Spurlock scores great interviews with iconic figures like Ralph Nader and Noam Chomsky, and talks to other smart academics, but the focus (and Nader’s zingers) are about the wider net of advertising’s influence in general, not about product placement — the subject of his doc — specifically.
Data, numbers, stats, hard evidence — the grounding core of which made Spurlock’s McDonald’s takedown, Super Size Me, so credible — are completely absent here, except for an early moment when he passingly mentions the massive billion-dollar size of the ad industry itself and a segment on brain scans, which is fascinating, but really deserving of its own Nova special.
This engorged focus hampers the pacing of the film.
The highlights of Greatest Movie are the short ads Spurlock creates for his partner brands, which are integrated into the film itself. In one bit, Spurlock pitches a bunch of outrageous ad concepts to Pom, which shoots him down and instead tells him to use a more conventional “our product vs. theirs” approach.
Spurlock leaves the meeting questioning if product placement has caused a loss of creative control. But it’s a ruse, because what Spurlock laments in that scene is what all ad agencies lament, that the client wants to go a different, less risky direction with a campaign. For that moment, Spurlock is using a universal truth about making commercials to criticize how product placement influences filmmakers. It’s tricky, but disingenuous.
The film also misses the issue of who’s using who here; POM Wonderful, after all, needs positive buzz and favorable press, and becoming title sponsor of Spurlock’s doc certainly distracts from its own truth-in-advertising woes.
Even in plumbing advertising in general, Spurlock seems content with the big and obvious, going after the neon blinkity-blink of Times Square, or 30-second commercial spots. A shame, because the ubiquity of advertising and film and tie-is runs far deeper. Spurlock knows this, but like Michael Moore, tends to simplify points (we won’t go so far as to say “dumb down”) for bigger, surface, impact.
At one point, Spurlock appears on Jimmy Kimmel’s late night talk show in a NASCAR-like, logo-emblazoned suit. The joke here is that Spurlock is promoting his sponsors, including sticking Ban’s logo in the jacket’s underarm area. But that’s as far as it goes.
Greatest Movie doesn’t once touch on the relationships between the late night shows such as Kimmel’s that promote films in a quid pro quo relationship that gets them access to stars. How great would it have been for Spurlock to ask Kimmel what questions he was not allowed to ask his most recent celebrity movie-promoting guest in return for that guest coming on his show? Alas, we’ll never know.
Then there is the real behind the scenes of the scenes film tie-ins the film completely ignores. For example, at the recent SXSW conference in Austin TX, Fast Company magazine raised promotional money by partnering with Lincoln and Pepsi (including a PepsiCo stage). Spurlock was a celebrity guest at the magazine’s party there, greatly raising the profile of the event. Coincidentally, Spurlock and his film landed an exclusive profile in a subsequent Fast Company issue.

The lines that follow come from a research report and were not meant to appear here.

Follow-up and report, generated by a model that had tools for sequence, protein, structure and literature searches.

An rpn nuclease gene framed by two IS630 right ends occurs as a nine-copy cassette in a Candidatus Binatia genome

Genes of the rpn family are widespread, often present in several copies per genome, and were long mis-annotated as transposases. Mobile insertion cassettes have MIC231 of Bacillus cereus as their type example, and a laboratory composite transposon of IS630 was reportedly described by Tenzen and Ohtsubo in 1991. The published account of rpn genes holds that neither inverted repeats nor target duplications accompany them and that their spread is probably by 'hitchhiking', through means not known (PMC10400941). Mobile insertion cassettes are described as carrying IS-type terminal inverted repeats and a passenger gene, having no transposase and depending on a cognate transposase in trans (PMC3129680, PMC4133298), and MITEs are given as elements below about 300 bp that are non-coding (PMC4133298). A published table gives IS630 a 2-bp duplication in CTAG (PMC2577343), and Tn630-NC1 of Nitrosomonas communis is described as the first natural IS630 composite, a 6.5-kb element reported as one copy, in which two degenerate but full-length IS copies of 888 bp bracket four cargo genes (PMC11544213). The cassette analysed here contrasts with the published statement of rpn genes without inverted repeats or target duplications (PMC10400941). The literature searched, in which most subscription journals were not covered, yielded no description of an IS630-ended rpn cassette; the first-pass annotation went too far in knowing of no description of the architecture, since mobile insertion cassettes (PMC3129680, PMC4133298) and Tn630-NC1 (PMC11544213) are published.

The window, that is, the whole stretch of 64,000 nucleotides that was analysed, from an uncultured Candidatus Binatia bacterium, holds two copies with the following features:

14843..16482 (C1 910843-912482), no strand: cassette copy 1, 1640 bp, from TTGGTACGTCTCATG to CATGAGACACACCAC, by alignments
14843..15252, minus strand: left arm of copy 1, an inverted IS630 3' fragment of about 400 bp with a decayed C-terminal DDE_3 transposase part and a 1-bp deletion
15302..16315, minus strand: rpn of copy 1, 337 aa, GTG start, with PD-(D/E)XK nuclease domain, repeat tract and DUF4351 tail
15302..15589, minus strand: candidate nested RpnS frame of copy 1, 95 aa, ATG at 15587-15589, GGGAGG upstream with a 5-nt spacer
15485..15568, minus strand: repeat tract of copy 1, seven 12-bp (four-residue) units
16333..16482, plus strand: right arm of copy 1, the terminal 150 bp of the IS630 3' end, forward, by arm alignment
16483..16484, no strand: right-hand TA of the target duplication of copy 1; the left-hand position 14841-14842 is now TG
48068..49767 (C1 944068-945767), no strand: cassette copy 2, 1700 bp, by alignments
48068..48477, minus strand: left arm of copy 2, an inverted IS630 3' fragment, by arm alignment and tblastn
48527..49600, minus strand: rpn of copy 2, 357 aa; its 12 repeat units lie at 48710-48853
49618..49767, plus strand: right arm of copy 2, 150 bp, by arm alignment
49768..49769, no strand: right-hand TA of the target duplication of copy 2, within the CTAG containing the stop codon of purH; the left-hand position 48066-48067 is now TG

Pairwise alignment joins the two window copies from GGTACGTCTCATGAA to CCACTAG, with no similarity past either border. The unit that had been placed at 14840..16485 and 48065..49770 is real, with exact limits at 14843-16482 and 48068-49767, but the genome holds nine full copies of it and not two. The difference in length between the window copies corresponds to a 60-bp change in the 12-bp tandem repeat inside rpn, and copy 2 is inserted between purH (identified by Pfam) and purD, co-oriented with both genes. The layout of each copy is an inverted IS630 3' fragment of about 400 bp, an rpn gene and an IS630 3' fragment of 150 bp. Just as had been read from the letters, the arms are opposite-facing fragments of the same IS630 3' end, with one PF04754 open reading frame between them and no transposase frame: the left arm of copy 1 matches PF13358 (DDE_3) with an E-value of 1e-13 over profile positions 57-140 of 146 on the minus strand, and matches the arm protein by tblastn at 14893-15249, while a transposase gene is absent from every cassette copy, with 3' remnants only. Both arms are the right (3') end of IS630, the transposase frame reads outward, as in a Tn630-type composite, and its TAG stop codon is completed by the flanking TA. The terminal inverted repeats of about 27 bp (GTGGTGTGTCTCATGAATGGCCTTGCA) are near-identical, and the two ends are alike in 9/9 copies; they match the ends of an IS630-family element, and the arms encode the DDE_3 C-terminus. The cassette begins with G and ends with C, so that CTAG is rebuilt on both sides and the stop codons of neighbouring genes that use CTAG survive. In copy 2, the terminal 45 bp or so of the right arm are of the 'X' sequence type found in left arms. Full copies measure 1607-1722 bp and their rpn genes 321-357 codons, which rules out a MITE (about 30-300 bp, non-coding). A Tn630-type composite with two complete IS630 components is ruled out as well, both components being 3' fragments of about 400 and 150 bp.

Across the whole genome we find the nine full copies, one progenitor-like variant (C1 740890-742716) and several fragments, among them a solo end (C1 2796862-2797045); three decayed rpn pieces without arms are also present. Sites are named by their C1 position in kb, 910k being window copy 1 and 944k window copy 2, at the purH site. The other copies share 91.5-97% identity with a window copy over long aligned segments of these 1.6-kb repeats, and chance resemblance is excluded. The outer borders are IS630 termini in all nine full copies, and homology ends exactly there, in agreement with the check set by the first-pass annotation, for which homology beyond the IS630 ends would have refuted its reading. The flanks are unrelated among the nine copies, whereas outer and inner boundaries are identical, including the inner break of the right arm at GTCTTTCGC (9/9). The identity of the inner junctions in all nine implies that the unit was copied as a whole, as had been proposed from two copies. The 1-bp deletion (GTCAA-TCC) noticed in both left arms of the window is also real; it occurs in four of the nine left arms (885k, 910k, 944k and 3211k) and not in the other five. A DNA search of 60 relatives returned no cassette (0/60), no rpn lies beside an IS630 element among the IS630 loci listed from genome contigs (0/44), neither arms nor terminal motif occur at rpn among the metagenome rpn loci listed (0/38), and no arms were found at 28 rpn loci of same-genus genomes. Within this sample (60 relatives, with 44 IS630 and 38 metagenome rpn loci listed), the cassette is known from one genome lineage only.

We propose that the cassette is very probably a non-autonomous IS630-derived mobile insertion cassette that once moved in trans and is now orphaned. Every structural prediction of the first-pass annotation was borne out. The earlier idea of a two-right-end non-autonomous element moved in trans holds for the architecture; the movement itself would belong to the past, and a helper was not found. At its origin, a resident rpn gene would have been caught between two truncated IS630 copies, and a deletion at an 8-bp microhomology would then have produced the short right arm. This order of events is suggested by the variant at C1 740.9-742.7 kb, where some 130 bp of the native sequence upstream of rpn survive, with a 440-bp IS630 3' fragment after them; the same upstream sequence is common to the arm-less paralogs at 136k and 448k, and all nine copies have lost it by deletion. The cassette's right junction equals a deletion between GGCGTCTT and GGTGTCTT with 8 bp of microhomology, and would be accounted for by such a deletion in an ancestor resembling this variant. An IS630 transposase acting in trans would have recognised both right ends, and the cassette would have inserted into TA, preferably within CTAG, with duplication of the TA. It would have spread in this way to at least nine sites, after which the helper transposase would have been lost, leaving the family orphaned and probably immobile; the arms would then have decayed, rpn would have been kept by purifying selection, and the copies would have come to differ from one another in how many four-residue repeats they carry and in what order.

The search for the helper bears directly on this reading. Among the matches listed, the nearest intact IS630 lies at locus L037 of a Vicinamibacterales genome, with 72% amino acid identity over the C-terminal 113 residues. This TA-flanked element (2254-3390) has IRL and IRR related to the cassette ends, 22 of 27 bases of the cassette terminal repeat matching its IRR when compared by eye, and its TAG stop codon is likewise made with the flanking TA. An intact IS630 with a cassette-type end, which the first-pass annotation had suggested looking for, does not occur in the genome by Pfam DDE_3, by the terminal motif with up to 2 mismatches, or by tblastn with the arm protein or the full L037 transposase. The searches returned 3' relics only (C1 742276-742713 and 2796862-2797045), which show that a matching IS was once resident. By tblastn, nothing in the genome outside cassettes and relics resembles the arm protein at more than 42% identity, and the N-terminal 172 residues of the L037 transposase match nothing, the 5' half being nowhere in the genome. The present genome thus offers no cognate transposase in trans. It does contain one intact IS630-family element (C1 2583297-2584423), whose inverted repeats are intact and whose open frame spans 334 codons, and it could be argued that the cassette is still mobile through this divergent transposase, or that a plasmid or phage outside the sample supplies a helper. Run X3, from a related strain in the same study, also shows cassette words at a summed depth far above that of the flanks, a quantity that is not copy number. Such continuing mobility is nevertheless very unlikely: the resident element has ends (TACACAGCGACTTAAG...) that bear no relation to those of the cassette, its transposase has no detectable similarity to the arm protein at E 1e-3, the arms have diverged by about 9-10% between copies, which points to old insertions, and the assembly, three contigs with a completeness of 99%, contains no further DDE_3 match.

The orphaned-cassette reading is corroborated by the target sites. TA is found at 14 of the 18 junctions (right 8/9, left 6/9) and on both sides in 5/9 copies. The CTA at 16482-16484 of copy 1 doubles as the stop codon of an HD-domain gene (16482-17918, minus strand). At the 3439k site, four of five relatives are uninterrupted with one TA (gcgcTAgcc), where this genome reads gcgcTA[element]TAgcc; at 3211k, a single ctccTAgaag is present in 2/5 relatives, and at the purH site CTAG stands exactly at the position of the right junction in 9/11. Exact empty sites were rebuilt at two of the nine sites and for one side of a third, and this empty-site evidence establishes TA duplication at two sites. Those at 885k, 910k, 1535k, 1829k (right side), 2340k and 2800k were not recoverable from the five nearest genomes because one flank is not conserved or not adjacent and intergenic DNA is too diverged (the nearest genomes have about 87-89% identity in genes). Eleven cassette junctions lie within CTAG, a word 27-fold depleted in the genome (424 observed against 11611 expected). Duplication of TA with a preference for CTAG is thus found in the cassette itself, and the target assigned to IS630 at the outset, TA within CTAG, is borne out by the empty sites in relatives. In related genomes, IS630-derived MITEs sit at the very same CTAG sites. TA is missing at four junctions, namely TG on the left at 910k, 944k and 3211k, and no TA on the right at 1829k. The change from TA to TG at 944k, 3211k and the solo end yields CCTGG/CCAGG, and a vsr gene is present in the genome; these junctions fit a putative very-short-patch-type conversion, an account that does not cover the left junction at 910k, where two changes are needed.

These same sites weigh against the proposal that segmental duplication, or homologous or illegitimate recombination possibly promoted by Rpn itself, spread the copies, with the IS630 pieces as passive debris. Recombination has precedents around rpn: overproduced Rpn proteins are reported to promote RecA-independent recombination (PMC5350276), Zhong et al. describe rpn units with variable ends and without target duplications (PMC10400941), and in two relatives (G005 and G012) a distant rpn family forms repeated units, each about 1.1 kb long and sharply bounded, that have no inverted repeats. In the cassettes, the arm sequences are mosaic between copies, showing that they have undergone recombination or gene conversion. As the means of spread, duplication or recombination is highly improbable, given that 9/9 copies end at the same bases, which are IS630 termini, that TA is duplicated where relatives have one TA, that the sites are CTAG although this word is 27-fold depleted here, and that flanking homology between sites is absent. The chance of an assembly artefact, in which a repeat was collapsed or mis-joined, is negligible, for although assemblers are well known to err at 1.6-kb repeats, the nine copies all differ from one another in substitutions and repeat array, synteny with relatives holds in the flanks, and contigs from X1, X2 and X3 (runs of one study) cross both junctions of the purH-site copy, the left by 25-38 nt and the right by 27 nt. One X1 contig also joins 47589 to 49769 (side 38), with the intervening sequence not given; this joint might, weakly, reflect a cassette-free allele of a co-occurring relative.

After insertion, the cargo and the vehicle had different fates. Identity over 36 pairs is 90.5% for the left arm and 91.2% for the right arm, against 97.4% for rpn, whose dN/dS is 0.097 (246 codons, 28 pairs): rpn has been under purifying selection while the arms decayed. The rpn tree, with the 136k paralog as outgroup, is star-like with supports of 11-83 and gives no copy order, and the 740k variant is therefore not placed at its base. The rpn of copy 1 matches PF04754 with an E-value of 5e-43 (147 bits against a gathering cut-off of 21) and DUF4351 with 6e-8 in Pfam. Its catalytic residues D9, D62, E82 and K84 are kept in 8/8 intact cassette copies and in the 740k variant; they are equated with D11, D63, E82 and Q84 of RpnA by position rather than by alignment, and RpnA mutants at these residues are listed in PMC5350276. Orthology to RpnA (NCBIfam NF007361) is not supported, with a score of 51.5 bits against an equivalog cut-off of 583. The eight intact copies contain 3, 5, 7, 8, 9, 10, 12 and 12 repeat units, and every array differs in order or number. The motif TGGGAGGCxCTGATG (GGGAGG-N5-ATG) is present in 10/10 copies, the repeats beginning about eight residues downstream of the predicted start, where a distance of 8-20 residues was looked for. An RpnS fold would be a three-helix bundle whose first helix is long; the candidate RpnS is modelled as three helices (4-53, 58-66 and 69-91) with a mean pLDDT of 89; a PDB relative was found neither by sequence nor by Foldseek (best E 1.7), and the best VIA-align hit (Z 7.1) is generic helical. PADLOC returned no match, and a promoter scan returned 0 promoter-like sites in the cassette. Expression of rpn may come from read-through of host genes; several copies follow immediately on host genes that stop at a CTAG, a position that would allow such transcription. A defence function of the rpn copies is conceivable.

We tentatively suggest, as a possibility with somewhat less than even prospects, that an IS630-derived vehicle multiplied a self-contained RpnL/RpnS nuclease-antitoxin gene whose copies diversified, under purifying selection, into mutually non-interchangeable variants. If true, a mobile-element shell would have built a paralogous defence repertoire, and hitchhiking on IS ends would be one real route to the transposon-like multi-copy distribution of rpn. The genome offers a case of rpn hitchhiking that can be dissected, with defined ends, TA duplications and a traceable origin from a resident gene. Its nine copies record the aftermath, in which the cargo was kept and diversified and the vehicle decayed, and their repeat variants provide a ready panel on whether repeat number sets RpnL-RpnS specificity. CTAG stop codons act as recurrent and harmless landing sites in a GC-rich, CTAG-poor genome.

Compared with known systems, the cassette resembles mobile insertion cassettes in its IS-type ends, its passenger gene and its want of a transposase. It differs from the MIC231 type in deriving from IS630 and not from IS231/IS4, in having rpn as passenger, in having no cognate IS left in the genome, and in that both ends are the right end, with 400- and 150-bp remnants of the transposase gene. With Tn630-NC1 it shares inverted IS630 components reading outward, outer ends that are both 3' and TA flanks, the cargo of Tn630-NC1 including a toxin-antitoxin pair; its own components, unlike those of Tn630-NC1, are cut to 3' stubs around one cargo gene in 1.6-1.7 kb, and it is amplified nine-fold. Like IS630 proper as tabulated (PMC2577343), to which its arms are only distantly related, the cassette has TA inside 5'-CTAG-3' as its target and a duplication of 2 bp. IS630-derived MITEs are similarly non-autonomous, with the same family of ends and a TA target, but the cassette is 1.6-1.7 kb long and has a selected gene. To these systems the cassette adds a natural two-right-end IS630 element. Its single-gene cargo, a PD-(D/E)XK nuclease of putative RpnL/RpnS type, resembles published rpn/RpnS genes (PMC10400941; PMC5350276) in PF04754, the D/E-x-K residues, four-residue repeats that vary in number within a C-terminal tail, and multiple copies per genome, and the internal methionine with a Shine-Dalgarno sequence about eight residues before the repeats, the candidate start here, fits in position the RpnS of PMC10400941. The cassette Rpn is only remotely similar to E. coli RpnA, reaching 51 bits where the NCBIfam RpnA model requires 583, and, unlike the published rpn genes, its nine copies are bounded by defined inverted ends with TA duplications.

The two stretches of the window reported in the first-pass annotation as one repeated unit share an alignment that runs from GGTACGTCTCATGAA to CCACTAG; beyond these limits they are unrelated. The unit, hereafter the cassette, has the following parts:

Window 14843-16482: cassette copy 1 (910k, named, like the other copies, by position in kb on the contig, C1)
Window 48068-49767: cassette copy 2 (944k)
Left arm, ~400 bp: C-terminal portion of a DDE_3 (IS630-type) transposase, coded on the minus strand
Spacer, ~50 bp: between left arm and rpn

Heck, even look at us. We’ve been engaged in something of a Twitter showdown with Spurlock, who publicly mused that we were attacking his project in our January piece — implying that we’re pro-product placement (and presumably anti-his film) just because our parent company is Interbrand, a branding consultancy. Hopefully Spurlock, or his publicist, took the time to note that we’re critical of product placement when poorly done (and not integral to the plot), and that we cover the space as journalists, not as cheerleaders for the practice.
Lamenting film tie-ins by solely picking on Happy Meals and branded drink cups is a little like criticizing racism and not looking past the KKK.
The funny thing is that the Greatest Movie Ever Sold truly is like the product placement-heavy blockbusters it skewers in one very ironic way. Spurlock’s film includes a robust number of Apple MacBook product placements, for which (we assume) Apple never paid a dime, though Spurlock has said in his interviews for the movie that he’s an Apple fan.
Nobody in the film ever makes mention of Apple or drawn attention to the brand, and it’s not one of the brands that Spurlock’s shown pitching for sponsorship — even though Apple, as we have reported for years now, is the most product placed brand in Hollywood, appearing in more than one-third of all number one films at the US box office in the last decade (120 appearances in 350 films between 2001 and today).
Apple claims it pays nothing for placement. Spurlock told us that “Even unpaid product placement is paid product placement.” So it appears Greatest Film Ever Sold has another sponsor to credit.
In promotional interviews over the last couple weeks, Spurlock has said, “We met a bunch [of people who work in product placement], but a lot them just wouldn’t go on camera… They were scared to death it was going to ruin the cash cow that they have been riding for however long. People were frightened.”
We asked around a number of product placement pros and couldn’t find anyone quivering under their desks after being approached by Spurlock. Even Britt Johnson, the founder of Mediaplacement who appears early in the film and consulted with Spurlock about his approach, said of the ruined cash cow, “I don’t think so. Everyone knows this advertising is happening and it’s no big secret.”
We applaud Spurlock for addressing the topic, for doing so in an entertaining and engaging fashion, and for having fun with the process of funding his film by the means he’s exploring to reveal how the practice works. We just wished he’d stayed more on topic, delved deeper into it, and challenged his own premise more than he did. And by all means, we encourage you to go see it and let us know what you think.